boards Surf Shop in Hilliers (now called Island Surf Co.), were going away for three months and asked them to mind the store. Lorne had recently purchased some equipment to make his first surf board and found the opportunity to put it all together while there. The second board he made was bought by a friend and then he started getting requests. “I was intrigued in doing different shapes of boards and riding them myself and then friends and other people wanted to try them out and buy them, which I never thought would happen,” he says. Lorne has now made about 150 surf boards. A couple of years ago Lorne’s father (80 at the time) built him a surfboard shop on the couple’s property in Parksville and that’s where Lorne designs, shapes and glasses all his boards today. But along with being a father, Lorne also works for Orca Airways booking charter flights, so he struggles to keep up with his orders from surf shops. The most challenging part of creating surf boards is also the most fun, Lorne says, and that’s creating new shapes. Lorne has a reputation for making innovative board shapes and two years ago he was asked to make five of them for a competition in Tofino called The Weird run by Nixon Watches. The invitational event at Cox Bay featured employees from Coastline, HTO, Sikta, Storm, Longbeach Surfshop, Live to Surf and Surf Sister, who all surfed on Lorne’s boards. He made an asymmetrical board, a mini simmons and even a finless board for the competition.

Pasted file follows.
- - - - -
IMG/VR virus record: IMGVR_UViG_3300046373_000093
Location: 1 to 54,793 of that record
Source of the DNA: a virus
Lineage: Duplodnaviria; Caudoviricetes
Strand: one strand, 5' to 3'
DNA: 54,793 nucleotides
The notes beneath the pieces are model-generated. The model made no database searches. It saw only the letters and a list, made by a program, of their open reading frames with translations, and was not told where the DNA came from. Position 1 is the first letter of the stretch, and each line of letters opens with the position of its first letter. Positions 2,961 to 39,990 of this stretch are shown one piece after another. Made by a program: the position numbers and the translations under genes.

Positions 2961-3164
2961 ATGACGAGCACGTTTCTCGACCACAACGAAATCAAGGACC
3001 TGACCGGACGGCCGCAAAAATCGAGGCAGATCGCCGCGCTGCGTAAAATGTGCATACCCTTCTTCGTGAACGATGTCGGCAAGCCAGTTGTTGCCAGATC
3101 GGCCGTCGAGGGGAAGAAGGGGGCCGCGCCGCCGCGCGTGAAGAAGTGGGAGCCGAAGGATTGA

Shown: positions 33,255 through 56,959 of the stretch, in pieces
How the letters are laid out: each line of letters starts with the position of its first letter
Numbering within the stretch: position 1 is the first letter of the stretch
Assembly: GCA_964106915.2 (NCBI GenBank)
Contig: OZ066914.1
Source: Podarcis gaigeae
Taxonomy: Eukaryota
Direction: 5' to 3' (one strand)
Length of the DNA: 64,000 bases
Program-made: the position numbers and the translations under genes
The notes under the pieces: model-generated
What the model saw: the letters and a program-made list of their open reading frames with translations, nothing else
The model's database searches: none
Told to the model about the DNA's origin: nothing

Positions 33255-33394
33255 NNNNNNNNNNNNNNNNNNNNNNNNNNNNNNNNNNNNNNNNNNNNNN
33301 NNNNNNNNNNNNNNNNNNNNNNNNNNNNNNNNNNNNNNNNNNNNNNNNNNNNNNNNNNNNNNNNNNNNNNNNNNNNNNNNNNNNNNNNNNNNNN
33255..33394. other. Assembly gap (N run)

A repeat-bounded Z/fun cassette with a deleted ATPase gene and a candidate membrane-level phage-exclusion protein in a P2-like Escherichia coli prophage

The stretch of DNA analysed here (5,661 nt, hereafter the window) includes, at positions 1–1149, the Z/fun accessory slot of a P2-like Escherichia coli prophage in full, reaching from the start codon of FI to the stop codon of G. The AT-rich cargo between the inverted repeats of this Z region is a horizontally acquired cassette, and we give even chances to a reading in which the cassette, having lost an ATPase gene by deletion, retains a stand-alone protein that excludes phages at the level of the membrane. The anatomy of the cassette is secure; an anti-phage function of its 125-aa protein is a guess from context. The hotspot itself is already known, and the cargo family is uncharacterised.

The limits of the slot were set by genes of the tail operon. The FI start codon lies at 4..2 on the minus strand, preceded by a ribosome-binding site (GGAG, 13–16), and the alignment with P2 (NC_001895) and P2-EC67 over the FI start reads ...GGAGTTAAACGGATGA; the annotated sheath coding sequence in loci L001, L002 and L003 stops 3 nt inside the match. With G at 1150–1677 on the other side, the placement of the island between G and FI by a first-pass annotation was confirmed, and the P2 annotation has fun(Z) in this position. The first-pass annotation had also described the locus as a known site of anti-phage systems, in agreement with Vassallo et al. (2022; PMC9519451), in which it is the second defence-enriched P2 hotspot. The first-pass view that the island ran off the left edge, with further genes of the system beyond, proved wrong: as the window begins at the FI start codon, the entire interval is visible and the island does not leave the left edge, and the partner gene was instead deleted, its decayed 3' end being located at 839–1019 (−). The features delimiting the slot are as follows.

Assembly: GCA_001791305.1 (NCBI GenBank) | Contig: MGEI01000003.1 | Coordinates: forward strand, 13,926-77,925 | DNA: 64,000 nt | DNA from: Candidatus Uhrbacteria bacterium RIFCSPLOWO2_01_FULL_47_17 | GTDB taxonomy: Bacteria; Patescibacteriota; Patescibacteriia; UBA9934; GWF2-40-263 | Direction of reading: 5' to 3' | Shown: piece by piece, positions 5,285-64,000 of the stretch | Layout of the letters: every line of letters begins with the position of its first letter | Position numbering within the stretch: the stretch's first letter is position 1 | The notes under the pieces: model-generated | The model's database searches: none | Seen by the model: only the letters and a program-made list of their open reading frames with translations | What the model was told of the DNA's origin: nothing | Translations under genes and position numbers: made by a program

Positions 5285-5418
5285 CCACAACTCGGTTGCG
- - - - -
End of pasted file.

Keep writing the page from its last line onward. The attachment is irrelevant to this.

MARRIAGE OF THE MINDS Last year Lorne was asked to build a board for a client who wanted a fern graphic on the back. He asked Yvonne if she might like to paint the fern on the board and that’s when the marriage of minds began. Since then the couple has collaborated on three surfboards, four wooden boxes, and one table. And they plan to do much more…when they can >>>


Come See Our Bears Owls Eagles Hawks Falcons Turkey Vultures Ravens & More >>> find the time. Although it’s not the norm, Yvonne has awoken in the middle of the night with a painting on her brain and worked during the rare, silent hours of the morning. Painting does for Yvonne what shaping boards does for Lorne, reduces stress and anxiety and brings them joy. Yvonne says at the end of the day she hopes her paintings lift people’s spirits and allows them to appreciate all of God’s creation. “A lot of time people just see the creation and they don’t think about who created it. We have so much to be thankful for…we need to remember to thank the One who gave everything to us,” she says. Look for Yvonne’s artwork at the Salish Sea Market in Bowser, Island Exposures Gallery in Parksville (where prints are being made), HTO in Victoria and Surf Sister in Tofino. Find her on Facebook or visit her website www.yvonneachesonart.ca. Lorne’s boards can be found at Island Surf Co. in Hilliers, the Long Beach Surf Shop in Tofino and Ucluelet and at HTO in Victoria. Visit his website at www.arksurfboards.com.

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FALL 2014

Photos: page 11, Lorne and Yvonne Acheson with a surfboard they collaborated on, Lorne with a couple of his boards. Pages 12-13, Lorne shaping a board, Yvonne and Lorne with their sons Noah and Jonah, a painting by Yvonne.

13


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FALL 2014